We’ve all seen those fences, benches and chairs (oh my) made from skis. This project uses hockey sticks and pucks to make a cool clock. I know my boys would flip if I made these for Christmas. Thrift stores and used sports equipment stores are a good place to find sticks and pucks if your garage isn’t full of them. Thanks Hockey Stick Builds for the fun idea.
Three hat tricks later…
Definitely the coolest hockey wall clock I’ve seen around, this one isn’t hard to make and uses few (about 1-2) sticks. A win for everyone! The only trick is the use of double point staples to hold the pucks in place and that routing the center puck is a near must. However, this means no glue & no tricky assembly procedure.
This clock breaks down a little differently than one might expect. I did it slightly differently when I actually built the one pictured here, but these directions should head off the issues I ran into.
- Center Puck
- Frame & Remaining Pucks
- Back Supports
- Assembly/Consideration Points
The particular order of some of these steps isn’t as important and making sure you put the back supports on the pucks after you’ve fixed the pucks and frame permanently together. The supports will make putting in the double pointed staples harder if installed first. Routing out the center puck is highly encouraged. I’ll show what the hand clearance will be farther down the page if you don’t. Not routing makes aligning everything so the hands sweep cleanly really challenging. Onto the tools and supplies you’ll need:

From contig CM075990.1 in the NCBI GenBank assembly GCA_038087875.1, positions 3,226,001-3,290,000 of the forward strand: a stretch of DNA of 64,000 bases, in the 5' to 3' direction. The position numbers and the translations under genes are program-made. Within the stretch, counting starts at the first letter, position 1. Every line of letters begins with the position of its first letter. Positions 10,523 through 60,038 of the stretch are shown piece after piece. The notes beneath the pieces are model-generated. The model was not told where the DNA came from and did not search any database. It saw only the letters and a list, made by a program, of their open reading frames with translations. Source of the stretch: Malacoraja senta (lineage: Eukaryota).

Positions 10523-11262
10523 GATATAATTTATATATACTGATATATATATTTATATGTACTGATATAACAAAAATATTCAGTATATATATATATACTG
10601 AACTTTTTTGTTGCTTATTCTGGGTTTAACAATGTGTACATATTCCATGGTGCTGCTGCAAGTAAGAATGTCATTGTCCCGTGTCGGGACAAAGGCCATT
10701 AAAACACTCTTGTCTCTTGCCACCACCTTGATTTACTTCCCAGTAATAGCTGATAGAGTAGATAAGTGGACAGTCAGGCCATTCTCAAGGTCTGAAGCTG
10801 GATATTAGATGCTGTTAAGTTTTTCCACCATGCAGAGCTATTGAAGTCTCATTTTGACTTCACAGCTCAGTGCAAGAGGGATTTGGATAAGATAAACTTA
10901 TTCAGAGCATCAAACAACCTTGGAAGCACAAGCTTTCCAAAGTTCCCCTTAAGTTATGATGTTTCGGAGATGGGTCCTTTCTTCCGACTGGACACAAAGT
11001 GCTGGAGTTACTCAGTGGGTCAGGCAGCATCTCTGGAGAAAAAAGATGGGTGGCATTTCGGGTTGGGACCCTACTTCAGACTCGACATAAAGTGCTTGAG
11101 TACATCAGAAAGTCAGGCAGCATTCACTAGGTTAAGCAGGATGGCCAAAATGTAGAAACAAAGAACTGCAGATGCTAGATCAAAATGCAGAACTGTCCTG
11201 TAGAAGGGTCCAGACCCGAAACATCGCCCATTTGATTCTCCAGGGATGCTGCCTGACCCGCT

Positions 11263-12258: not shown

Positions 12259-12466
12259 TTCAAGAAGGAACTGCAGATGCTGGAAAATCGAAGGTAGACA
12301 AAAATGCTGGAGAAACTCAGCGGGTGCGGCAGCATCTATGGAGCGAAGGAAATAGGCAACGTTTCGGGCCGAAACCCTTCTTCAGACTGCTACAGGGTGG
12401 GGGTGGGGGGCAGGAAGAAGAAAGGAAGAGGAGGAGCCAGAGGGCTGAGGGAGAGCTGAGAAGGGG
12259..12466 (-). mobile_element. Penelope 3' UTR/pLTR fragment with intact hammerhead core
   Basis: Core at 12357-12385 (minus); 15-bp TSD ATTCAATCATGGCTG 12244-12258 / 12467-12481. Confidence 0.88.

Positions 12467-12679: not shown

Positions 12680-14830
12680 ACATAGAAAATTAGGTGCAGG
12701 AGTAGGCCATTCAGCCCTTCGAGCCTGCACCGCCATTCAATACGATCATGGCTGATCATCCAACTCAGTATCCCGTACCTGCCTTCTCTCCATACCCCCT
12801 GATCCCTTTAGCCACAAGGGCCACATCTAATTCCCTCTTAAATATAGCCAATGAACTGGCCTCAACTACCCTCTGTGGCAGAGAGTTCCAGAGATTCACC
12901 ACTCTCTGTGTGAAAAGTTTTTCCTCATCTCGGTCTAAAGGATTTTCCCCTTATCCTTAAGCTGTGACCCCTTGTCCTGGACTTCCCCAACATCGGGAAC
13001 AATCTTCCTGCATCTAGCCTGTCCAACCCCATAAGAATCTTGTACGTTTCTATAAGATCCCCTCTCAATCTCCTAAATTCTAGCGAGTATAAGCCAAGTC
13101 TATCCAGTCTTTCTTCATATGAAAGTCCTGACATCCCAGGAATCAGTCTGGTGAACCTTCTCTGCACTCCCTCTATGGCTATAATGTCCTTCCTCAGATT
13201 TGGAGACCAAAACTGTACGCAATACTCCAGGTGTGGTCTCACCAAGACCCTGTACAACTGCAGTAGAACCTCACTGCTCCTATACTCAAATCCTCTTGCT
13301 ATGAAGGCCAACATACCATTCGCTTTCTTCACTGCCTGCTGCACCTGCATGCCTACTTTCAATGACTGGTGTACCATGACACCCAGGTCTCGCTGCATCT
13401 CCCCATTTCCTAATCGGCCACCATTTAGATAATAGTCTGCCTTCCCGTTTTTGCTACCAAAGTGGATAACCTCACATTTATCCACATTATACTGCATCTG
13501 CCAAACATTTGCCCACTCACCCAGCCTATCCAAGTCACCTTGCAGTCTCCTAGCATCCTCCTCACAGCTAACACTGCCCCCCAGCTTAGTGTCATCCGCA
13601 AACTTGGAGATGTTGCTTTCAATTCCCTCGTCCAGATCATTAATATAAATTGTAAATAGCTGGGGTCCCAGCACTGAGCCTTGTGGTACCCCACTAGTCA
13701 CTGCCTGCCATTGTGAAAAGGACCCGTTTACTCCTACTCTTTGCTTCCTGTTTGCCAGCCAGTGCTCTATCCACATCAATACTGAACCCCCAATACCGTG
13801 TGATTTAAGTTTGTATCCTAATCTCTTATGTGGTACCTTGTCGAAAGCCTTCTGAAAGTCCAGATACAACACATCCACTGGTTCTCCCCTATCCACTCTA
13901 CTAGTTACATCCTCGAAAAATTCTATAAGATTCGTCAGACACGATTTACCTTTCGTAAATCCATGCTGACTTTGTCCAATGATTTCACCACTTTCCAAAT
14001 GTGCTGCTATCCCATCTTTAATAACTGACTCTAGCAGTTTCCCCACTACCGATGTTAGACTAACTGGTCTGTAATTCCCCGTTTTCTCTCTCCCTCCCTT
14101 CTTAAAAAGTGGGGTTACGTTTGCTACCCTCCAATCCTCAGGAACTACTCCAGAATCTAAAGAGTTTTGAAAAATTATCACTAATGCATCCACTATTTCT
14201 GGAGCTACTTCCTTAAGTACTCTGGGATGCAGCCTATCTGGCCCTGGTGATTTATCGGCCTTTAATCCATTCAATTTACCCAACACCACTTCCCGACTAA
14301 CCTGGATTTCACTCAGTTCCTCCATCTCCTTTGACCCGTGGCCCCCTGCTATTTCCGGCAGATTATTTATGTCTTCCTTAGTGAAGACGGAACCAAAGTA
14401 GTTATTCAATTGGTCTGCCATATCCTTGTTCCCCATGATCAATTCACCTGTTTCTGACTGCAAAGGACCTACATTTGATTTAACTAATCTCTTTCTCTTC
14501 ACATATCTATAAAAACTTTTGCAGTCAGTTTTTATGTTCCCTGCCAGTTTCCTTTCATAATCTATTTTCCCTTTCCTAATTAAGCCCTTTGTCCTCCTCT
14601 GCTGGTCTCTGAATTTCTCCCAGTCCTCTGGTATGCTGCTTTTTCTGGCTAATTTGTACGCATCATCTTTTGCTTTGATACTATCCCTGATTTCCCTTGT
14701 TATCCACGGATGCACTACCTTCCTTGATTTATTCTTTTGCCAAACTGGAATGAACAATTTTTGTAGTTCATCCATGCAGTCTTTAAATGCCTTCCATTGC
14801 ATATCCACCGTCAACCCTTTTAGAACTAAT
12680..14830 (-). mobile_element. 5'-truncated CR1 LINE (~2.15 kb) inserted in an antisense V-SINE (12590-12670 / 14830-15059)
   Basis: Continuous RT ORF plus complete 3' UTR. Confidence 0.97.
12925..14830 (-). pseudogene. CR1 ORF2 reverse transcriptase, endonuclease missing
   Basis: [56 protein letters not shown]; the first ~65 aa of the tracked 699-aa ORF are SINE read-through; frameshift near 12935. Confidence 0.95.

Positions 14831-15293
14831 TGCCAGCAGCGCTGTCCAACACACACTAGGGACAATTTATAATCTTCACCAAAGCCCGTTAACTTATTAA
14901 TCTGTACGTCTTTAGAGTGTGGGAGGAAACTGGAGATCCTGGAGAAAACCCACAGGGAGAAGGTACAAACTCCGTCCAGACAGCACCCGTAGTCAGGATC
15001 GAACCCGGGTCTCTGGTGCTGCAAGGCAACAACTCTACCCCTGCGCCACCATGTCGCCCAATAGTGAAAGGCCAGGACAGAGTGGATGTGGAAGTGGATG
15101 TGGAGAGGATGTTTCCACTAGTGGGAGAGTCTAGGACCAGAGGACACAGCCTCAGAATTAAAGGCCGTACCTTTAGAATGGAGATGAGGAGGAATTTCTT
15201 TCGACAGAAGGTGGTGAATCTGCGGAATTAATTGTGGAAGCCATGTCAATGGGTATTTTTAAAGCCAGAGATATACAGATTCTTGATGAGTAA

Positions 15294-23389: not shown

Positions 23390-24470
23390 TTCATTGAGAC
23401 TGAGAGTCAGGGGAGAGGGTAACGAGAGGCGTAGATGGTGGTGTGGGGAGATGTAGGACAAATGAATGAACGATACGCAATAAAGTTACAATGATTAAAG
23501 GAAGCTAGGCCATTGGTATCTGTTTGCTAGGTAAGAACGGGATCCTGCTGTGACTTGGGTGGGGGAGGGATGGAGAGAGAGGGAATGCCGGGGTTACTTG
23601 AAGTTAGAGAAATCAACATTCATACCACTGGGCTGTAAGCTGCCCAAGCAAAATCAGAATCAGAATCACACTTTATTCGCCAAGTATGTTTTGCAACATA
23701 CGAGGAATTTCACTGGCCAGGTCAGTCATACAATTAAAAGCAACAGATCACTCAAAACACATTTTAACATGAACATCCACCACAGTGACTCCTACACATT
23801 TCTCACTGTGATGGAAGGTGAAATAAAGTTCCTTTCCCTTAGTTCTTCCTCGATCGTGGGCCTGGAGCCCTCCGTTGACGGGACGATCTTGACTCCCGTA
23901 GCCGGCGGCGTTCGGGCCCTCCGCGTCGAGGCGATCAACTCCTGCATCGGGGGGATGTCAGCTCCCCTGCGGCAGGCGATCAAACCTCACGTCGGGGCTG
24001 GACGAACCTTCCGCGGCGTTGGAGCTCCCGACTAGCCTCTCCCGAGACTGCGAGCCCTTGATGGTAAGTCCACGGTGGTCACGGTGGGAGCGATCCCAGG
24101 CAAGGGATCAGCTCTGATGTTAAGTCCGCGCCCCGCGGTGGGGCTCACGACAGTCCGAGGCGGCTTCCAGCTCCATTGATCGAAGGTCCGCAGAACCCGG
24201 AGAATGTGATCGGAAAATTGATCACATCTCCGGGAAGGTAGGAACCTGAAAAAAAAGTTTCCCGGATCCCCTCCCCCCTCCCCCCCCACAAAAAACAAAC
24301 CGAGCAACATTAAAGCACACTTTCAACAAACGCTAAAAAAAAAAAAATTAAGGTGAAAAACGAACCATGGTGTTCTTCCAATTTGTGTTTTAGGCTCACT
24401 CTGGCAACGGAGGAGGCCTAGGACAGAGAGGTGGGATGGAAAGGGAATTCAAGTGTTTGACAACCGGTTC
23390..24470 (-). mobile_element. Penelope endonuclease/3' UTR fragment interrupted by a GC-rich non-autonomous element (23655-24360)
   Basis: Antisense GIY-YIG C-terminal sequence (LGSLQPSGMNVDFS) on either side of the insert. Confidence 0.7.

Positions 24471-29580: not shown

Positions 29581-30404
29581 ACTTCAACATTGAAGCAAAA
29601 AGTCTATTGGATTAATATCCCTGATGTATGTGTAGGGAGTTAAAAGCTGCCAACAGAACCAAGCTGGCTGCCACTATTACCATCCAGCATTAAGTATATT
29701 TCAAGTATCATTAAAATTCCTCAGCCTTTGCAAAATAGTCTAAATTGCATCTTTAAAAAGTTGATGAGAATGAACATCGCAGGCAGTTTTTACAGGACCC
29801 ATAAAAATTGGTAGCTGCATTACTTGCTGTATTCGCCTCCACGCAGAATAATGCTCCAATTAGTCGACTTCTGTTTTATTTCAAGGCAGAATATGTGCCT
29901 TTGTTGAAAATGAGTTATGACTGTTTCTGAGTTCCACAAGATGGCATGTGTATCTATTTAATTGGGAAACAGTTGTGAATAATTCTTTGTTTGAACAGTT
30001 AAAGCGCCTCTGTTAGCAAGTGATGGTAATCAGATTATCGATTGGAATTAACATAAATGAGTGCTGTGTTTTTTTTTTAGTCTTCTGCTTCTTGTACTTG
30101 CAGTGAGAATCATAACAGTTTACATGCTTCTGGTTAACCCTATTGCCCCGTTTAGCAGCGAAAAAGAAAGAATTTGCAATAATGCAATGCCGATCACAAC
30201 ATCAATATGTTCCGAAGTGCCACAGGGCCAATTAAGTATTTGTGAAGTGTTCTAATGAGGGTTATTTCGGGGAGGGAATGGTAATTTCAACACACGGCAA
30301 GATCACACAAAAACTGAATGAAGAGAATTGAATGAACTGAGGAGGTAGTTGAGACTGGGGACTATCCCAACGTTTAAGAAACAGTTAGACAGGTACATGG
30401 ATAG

- Miter Saw
- 2 bar clamps (2 greater than 1 ft)
- About 1-2 sticks
- 1 box of #4, 1.25″ wood screws
- 1 box 9/16″ double point staples
- 2 #212 x 15/16″ screw eyes
- #4 Picture frame wire
- Clock movement, try MVT7130
The clock movement, MVT7130, is shown below. These are the basic dimensions and you should measure them yourself to make sure everything fits in your design, etc. Get the clock movement with the thickest dial you can. I routed out 9/32″ of the back to fit the puck. You can do a little more if you want and plug the difference with washers.
Images from Hockey Stick Builds.
For full instructions visit Hockey Stick Builds.